Pacific Standard Time Exhibition Opens // © 2011 Pacific Standard Time
The focus of the art world shifted to Southern California beginning Oct. 1 with the opening of “Pacific Standard Time: Art in L.A. 1945 – 1980,” the ambitious six-month initiative that tells the story of the birth of the Los Angeles art scene.
Bringing together more than 60 partner institutions and incorporating a 10-day Performance and Public Art Festival in January 2012, Pacific Standard Time is the largest cultural collaboration ever undertaken in the region.
Jointly initiated by the Getty Foundation and the Getty Research Institute in 2002, Pacific Standard Time brings to light the dynamic history of art in Los Angeles from the post-World War II era through the turbulent 1960s and 1970s. With grants from the Foundation now totaling more than $10 million, what began as a collaborative effort to preserve the archival record of the milestones in this region’s artistic history has now expanded into a great creative landmark in itself.
“Never before have so many arts institutions worked in concert to present such a large and varied body of work to the public,” stated James Cuno, president and CEO, The J. Paul Getty Trust. “The sheer scale of this undertaking is exhilarating. Even more exhilarating are the discoveries and surprises that await our audiences in virtually every Pacific Standard Time exhibition.”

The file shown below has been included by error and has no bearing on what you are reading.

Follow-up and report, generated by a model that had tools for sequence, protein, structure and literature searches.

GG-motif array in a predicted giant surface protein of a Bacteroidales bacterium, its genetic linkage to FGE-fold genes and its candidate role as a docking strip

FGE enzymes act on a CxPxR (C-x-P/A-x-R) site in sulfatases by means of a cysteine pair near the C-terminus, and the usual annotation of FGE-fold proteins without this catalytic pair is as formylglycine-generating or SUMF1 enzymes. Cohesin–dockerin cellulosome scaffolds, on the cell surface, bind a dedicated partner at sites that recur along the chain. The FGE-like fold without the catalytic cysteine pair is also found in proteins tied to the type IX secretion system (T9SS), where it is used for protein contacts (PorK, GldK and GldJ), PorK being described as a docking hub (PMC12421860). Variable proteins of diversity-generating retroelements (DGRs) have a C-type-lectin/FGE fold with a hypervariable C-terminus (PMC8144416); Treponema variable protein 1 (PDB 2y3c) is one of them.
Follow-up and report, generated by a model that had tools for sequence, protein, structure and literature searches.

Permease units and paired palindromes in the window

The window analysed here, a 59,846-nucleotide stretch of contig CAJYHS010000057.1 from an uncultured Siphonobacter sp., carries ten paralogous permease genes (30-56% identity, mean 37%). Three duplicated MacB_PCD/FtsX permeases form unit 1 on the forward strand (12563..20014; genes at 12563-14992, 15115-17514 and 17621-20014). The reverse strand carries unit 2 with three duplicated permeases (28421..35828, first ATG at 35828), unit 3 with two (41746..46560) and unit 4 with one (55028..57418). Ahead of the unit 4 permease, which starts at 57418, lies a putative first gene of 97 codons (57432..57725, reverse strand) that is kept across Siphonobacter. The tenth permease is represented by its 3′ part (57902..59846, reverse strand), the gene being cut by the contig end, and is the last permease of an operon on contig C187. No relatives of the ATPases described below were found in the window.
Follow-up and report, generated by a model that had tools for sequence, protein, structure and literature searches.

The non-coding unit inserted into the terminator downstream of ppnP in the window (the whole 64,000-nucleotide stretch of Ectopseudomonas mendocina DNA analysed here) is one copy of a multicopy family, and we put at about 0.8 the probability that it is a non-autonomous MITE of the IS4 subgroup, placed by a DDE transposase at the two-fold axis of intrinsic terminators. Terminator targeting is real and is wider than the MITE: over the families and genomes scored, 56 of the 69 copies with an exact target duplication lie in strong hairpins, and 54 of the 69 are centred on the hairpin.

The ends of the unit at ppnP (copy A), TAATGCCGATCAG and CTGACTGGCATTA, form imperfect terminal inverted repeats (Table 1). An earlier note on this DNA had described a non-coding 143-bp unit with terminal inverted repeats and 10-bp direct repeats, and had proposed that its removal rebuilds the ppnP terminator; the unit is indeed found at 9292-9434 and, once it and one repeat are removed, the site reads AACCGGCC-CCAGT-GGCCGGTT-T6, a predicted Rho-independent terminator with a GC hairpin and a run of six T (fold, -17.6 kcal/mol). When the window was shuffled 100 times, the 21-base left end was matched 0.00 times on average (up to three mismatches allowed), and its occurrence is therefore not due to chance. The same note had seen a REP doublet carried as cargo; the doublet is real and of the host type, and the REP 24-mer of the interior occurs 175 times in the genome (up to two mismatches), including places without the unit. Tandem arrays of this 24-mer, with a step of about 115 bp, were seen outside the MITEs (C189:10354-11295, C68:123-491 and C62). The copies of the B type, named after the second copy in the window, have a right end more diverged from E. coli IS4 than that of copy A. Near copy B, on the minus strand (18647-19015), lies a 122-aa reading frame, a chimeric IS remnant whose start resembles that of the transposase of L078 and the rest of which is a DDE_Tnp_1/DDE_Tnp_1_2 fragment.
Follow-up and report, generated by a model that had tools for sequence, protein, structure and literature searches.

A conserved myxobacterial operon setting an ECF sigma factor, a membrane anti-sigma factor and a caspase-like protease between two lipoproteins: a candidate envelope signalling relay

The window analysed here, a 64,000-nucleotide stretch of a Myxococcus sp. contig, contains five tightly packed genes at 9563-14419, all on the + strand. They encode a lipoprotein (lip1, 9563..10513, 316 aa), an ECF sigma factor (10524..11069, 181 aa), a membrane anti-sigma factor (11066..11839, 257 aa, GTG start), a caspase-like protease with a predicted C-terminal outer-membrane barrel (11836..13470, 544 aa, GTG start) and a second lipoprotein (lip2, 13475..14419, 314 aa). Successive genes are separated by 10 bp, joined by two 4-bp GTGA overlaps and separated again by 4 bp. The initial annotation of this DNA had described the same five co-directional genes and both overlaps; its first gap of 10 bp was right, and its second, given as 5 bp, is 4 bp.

To help visitors navigate their way around the many exhibitions and events, Pacific Standard Time created pacificstandardtime.org, a virtual hub that serves as a centralized source for comprehensive and up-to-date information about the exhibitions and related programs. In addition to sophisticated search options and MyTime, a personalized itinerary feature, the website offers downloadable family visitor’s guides and blog postings that feature insightful posts by culture journalists.
Organized by the Getty Research Institute and LA><ART, the Pacific Standard Time Performance and Public Art Festival will be held Jan. 19-29, 2012 and will include more than 30 projects, featuring re-stagings of historic performances as well as reinterpretations by younger artists of works of their predecessors. The festival will take place at institutions and sites from Malibu to Watts, and from downtown L.A. to the desert.